All patients were planned to receive concurrent weekly intravenous chemotherapy (cisplatin, 40 mg/m2), six cycles. Due to comorbidities, 8/60 (13%) patients could not receive concurrent cisplatin.
According to the 2008 Swedish regional treatment guidelines, MRI was performed three months after the completion of CRT for treatment evaluation. In cases of complete response, no additional MRI was performed. All patients had clinical examinations at the Department of Gynaecologic Oncology at Karolinska University Hospital every third month the first year and every fourth month the second year. Later clinical controls were performed in outpatient care every sixth month for another three years.
Recurrence was defined as a biopsy- or cytology-verified new tumour discovered after FU MR3m in a patient with no evidence of disease at MR3m.
According to the retrospective evaluation of radiology reports of FU MR3m, locoregional treatment response was defined as:
· Complete remission (mrCR): No described residual tumour within the irradiated area.
· Partial remission (mrPR): Any statement in the report indicating remaining signal intensity changes in the cervical area where residual tumour could not be excluded, with or without a recommendation to perform an additional follow-up MRI.
· Stable disease (mrSD): Tumour extent or size similar to that before treatment.
· Progressive disease (mrPD): Any description of increase in extent or size of tumour or lymph nodes or the development of new lesions.
Before analysis, some of the data were processed. The patients were divided into four groups: FIGO 2009 stage IB1-IB2, IIA-IIB, IIIA-IIIB and IVA, respectively. Histology was divided into squamous and non-squamous including adenocarcinoma and adenosquamous. Tumour size on pre-treatment MRI was divided into 2-4 and > 4 cm. Smoking habits were divided into two groups: never smokers and present/previously smokers. Associations between categorical variables were tested using the Pearson’s Chi-square test or the Fisher’s exact test when appropriate.
The follow-up time for the whole group was calculated from the date of FU MR3m to the date of death or date of last follow-up. Time to first recurrence for patients with mrCR and mrPR was calculated from the date of FU MR3m. Time to death was calculated from the date of FU MR3m.
Overall survival was illustrated using Kaplan-Meier curves and the hazard ratios were estimated with Cox PH regression analysis. Univariable and multivariable/multiple analysis were calculated using Cox PH regression. P-values < 0.05 were considered statistically significant.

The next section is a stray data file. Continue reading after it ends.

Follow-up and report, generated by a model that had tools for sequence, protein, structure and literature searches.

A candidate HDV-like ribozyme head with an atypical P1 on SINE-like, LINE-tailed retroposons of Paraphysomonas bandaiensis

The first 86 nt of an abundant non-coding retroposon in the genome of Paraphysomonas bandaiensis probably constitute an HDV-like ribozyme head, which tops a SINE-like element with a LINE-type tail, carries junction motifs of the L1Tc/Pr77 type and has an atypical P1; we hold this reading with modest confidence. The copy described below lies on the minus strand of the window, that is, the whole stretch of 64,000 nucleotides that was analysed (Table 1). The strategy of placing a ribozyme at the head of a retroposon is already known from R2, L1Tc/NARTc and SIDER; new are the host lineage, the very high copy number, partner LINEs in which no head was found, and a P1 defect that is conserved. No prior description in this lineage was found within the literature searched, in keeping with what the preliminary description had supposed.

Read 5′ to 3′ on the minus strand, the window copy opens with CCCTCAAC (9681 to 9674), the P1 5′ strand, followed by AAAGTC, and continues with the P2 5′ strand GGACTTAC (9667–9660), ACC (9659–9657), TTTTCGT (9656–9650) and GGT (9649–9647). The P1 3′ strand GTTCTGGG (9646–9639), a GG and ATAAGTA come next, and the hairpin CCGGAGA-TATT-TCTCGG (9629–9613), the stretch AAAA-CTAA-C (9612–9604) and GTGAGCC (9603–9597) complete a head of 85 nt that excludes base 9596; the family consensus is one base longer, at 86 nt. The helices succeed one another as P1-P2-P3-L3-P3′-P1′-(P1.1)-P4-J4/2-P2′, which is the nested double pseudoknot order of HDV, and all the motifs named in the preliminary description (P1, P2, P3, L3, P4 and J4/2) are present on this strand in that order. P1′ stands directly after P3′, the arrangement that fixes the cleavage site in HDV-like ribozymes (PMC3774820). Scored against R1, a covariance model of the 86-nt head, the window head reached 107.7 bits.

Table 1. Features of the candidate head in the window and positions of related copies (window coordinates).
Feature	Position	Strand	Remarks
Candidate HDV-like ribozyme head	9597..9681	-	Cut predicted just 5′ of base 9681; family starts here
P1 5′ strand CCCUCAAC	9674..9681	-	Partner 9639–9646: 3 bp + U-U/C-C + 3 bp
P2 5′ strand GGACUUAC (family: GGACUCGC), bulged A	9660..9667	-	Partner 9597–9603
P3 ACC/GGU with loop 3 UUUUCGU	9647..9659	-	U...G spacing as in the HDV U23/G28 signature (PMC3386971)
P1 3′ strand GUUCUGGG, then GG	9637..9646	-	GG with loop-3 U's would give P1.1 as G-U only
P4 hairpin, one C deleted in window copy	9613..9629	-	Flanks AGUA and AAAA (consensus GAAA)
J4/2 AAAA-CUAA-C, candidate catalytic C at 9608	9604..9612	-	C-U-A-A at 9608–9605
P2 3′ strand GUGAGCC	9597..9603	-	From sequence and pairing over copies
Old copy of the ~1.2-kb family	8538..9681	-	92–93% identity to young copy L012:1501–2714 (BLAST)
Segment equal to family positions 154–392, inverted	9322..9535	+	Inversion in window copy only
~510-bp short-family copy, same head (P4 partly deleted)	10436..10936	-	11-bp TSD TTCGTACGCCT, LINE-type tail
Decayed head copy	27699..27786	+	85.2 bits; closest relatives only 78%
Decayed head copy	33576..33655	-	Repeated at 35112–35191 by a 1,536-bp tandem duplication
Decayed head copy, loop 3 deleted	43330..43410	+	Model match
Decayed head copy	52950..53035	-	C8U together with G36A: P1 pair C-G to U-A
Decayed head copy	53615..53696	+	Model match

Clinical and histopathological characteristics and status at last follow-up of the 60 patients in the study are described in Tables 1 and 2. FU MR3m was assessed as complete response (mrCR) in 29 patients (48%), partial response (mrPR) in 24 (40%) and progressive disease (mrPD) in 7 patients (12%). No patients had mrSD.
Clinical and histopathological characteristics
|Variables||Whole group (n = 60)||mrCR (n = 29)||mrPR (n = 24)||mrPD (n = 7)||P-value|
|Median (range)||56 (25-85)||54 (27-75)||59 (35-85)||54 (25-81)||NS|
|Smoker*, n (%)|
|Yes||14 (23)||7 (24)||4 (17)||3 (43)||NS|
|No||24 (40)||13 (45)||9 (4)||2 (29)|
|Previously||22 (37)||9 (31)||11 (46)||2 (29)|
|Histology, n (%)|
|Squamous||49 (82)||24 (83)||19 (79)||6 (86)||NS|
|Non-squamous||11 (18)||5 (17)||5 (21)||1 (14)|
|FIGO stage, n (%)|
|IB1/IB2||12 (20)||10 (34)||2 (83)||0 (0)||0.041|
|IIA/IIB||32 (53)||15 (52)||14 (58)||3 (43)|
|IIIA/IIIB||15 (25)||3 (10)||8 (33)||4 (57)|
|IVA||1 (2)||1 (3)||0 (0)||0 (0)|
|Primary tumour size**, n (%)|
|2-4 cm||20 (33)||14 (48)||6 (25)||0 (0)||NS|
|> 4 cm||34 (57)||14 (48)||14 (58)||6 (86)|
|Not measured||6 (10)||1 (3)||4 (17)||1 (14)|
|Parametrial invasion**, n (%)|
|Yes||52 (87)||22 (76)||24 (100)||6 (86)||NS|
|No||7 (12)||6 (21)||0 (0)||1 (14)|
|Uncertain||1 (2)||1 (3)||0 (0)||0 (0)|
|Lymph node metastasis**, n (%)|
|Yes (pelvic)||25 (42)||10 (34)||11 (46)||4 (57)||NS|
|Yes (pelvic and para-aortic)||2 (3)||0 (0)||2 (8)||0 (0)|
|No||32 (53)||19 (66)||10 (42)||3 (43)|
|Uncertain||1 (2)||0 (0)||1 (4)||0 (0)|
|Chemoradiation, n (%)|
|Yes||52 (87)||28 (97)||19 (79)||5 (71)||NS|
|No***||8 (13)||1 (3)||5 (21)||2 (29)|
|Relapse****, n (%)|
|Yes||13 (25)||5 (17)||8 (33)||NA*****||NS|
Results at last follow-up
|Status at last follow-up, n (%)||Whole group (n = 60)||mrCR (n = 29)||mrPR (n = 24)||mrPD (n = 7)|
|Follow-up time* median (range)||58 (1-76)||59 (7-75)||58 (17-76)||9 (1-40)|
|Alive without CC||41 (68)||25 (86)||16 (67)||0 (0)|
|Palliative treatment for CC||1 (2)||0 (0)||1 (4)||0 (0)|
|Dead because of CC||16 (27)||4 (14)||6 (25)||6 (86)|
|Dead because of other causes||2 (3)||0 (0)||1 (4)||1 (14)|
In 14/24 patients assessed as mrPR, there were measurements of the suspected residual tumour ranging 0.5-5 cm. In the remaining 10 patients, there were no measurements of residual tumour in the radiology reports but descriptions such as areas of incomplete fibrosis, remaining inhomogeneous signal changes or increased contrast enhancement.
No additional procedures were performed in the group with mrCR at FU MR3m. In the group with mrPR on FU MR3m, the following additional procedures were performed because of suspected residual tumour: 27 MRIs, 3 FDG-PET/CT examinations and 9 biopsy procedures [Figure 2].
On average, each patient with mrPR had almost two additional procedures. None of these additional procedures led to diagnosis of residual disease or recurrence. The FDG-PET/CTs showed complete metabolic response in all cases. In none of the biopsies taken due to suspected residual cervical tumour on FU MR3m were viable tumour cells found.